Sunday, May 23, 2010

The Dignity of a Woman

A Clarifying Insight from The Dignity of a Woman (女性の品格) by Mariko Bando, translated by James Vardeman

The book itself is moderately interesting, though the original is clearly targeted at women and the translation is clearly targeted at Japanese people who are studying English at a high level. In spite of the targeting and a bit of redundancy, the book struck me as mostly quite reasonable, though not startling. It mostly confirmed my understanding of a lot of things about Japan, but I couldn't really get the full meaning from it, especially in the sections that were discussing the nuances of appropriate Japanese expressions. Not just the use of Romaji, but also that the translator mostly left the examples of undesirable usages untranslated, though the examples of good use were generally translated.

However, the thing that struck me about the book enough to motivate this comment was something I realized near the end of the book. Not quite sure what triggered the crystallization of the obvious insight, but this is a topic that has been bothering me and nagging at me for quite a while. As I've aged, I've become increasingly appreciative of the advantages of marriage, and even thought that a so-called 'good wife' might well have influenced my own career in a positive direction.

What I finally realized in a clear way is that "Two against one isn't fair." Not exactly a big insight, but it suddenly explained a lot of the conservatism of companies, especially established companies. Within such a company there is a constant competition for promotion, and other things being equal, the family teams are going to win out. Not just any family team, but especially the teams in which one partner is completely dedicated to the success of the other partner. So for which teams is this recipe for success most likely to work? Obviously in most cases it is a certain category of conservative team in which the wife essentially sacrifices her own life towards the success of her husband.

The obvious long-term result is that each company tends to be 'captured' by that kind of man who is helped upwards by his wife. With this very conservative mindset in place at the top, the entire company naturally becomes more and more conservative over time. The only thing that really upsets the apple cart is when the company is so calcified and stiff that it collapses and dies.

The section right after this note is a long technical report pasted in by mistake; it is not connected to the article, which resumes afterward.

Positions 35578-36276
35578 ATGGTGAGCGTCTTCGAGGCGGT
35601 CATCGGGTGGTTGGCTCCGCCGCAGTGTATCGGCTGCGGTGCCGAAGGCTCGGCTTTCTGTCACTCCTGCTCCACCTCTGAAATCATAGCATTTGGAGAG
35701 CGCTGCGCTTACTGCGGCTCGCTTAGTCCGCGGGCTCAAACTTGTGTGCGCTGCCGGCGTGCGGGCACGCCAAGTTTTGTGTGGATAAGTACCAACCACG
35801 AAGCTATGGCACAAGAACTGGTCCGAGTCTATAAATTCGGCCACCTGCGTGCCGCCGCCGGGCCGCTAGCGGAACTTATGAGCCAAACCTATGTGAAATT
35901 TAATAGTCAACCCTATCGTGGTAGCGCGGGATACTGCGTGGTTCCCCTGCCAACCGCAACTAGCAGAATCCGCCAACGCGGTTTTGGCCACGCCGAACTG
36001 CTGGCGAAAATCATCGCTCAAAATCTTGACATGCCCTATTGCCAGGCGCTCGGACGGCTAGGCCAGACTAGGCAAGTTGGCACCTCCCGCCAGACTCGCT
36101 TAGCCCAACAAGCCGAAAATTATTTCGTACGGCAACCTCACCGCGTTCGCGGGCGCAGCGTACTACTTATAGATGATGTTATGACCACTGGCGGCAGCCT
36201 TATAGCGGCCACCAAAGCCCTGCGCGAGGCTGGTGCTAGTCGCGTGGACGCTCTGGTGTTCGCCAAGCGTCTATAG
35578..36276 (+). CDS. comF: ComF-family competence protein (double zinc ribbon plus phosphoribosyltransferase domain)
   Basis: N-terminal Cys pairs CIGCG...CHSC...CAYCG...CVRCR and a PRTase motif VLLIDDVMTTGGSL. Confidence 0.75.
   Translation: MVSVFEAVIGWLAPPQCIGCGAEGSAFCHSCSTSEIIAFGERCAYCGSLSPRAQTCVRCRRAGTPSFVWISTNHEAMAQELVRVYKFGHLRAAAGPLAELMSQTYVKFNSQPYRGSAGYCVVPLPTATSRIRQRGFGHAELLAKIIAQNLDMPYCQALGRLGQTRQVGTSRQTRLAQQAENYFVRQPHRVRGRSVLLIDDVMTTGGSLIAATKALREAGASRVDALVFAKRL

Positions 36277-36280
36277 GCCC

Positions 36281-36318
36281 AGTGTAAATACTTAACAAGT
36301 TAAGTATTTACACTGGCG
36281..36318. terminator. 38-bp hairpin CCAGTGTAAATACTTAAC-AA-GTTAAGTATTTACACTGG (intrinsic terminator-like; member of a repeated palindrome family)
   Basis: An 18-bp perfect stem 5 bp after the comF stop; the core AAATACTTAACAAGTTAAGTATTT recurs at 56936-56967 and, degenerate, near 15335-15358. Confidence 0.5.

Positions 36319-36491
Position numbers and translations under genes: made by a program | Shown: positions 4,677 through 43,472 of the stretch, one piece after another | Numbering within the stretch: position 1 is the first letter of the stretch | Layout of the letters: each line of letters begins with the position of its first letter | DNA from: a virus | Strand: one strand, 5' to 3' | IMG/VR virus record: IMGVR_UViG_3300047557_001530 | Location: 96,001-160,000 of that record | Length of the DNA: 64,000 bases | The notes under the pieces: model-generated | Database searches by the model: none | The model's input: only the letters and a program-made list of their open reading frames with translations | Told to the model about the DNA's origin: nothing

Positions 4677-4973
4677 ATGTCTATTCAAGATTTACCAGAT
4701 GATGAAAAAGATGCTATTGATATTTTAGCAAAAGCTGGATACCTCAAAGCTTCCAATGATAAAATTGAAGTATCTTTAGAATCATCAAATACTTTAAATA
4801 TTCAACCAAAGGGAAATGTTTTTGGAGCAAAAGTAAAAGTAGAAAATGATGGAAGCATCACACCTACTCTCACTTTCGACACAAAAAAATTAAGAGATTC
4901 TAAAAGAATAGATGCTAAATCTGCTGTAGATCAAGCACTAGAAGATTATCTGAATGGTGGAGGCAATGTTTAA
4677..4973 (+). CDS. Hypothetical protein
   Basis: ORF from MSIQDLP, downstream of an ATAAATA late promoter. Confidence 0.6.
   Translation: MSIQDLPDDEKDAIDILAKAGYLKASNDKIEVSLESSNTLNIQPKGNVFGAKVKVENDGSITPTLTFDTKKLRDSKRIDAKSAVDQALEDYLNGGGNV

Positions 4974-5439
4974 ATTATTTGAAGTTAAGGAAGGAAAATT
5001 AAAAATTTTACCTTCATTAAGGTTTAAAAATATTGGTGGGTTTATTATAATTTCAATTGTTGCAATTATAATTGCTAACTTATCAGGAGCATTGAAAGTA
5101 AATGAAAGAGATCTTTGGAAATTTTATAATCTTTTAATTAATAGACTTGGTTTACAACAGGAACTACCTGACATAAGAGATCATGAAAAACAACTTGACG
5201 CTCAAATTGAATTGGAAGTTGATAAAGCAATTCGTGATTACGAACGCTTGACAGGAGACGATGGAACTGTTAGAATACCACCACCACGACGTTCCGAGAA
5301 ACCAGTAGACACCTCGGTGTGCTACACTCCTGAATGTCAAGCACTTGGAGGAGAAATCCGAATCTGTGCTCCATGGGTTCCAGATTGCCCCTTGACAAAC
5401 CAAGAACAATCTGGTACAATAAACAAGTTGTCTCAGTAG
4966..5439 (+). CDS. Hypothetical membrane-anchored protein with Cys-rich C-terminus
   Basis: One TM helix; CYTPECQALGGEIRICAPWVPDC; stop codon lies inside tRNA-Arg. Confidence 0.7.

That is bad enough in itself and explains why change is so difficult within most companies. However, it also augers badly for the future, since the Supreme Court recently increased the 'personhood' status of corporations. No matter what SCOTUS says, corporations are NOT people, but now the actual people who actually control those corporations, people who are mostly very conservative, will have much more freedom in using the corporations' money to support their own highly conservative views. It seems inevitable that the entire American society will soon be calcified to death--though I've already long suspected it was too late to worry much about it...

Thursday, May 13, 2010

Seven Million Years

Obviously the rationale of this blog has effectively mutated to reflect the post-Dubya reality. Who cares what Dubya does or does not read these days? Not much, I'm sure. However, I suppose it's worth the observation that Dubya must reject such a book as this, which already starts by assuming the jury has come in on evolution, and evolution works, even for us. So now:

Reactions to and a Quickie Assessment of Seven Million Years: The Story of Human Evolution by Douglas Palmer

It was my reaction to page 119 that encouraged me to write about this book. That's where he rather crudely touched on the nature versus nurture debate. His presentation was muddled, but it seems he's mostly trying to come down on the side of nature without sufficient understanding of what it means to be a Turing Machine. Of course we are constrained by our physical reality, and that may even include certain predispositions in the genetically-driven neural wiring, but one of the essential things about Turing Machines is that they are in a sense 'universal'. We may not run certain programs as effectively as other programs, but I think we have almost complete freedom as to the 'mental programs' we choose to run. It's not that we are unconstrained, but even then we have the freedom to fight against every form of constraint.

In the concrete context of the book at that point, it got me to thinking about the crucial importance of clothing. He very much downplays the topic, with a single reference in the index and at least two overlooked and unindexed references in the text (since I had become sensitized to the word), but my realization at that point was that the simple act of adding or removing a garment would vastly increase the effective range of humans in comparison with any other animals--and do it at a speed that evolution can't possibly match. It takes some large number of generations to adjust the skin's coloration or the amount of hair, but a simple cape can achieve better effects at a speed that can match today's weather.

Ergo, I was already predisposed to regard the book as a rather superficial introduction to the topic. The bulk of the book was just a kind of trivial low-level biography of anthropologists--a list of who found what, when, and some mentions of who disagreed with which categorizations. Then the author seriously annoyed me during his superficial presentation of genetic analysis, which was treated as a rather minor topic late in the book--but polluted by the use of presidential politics in a distinctly inappropriate context.

Overall, a kind of trivial book. I don't like to say a nonfiction book was a waste of my time, but that's mostly how I wound up feeling about this book. I can't recommend it, even after struggling to think of an appropriate scenario...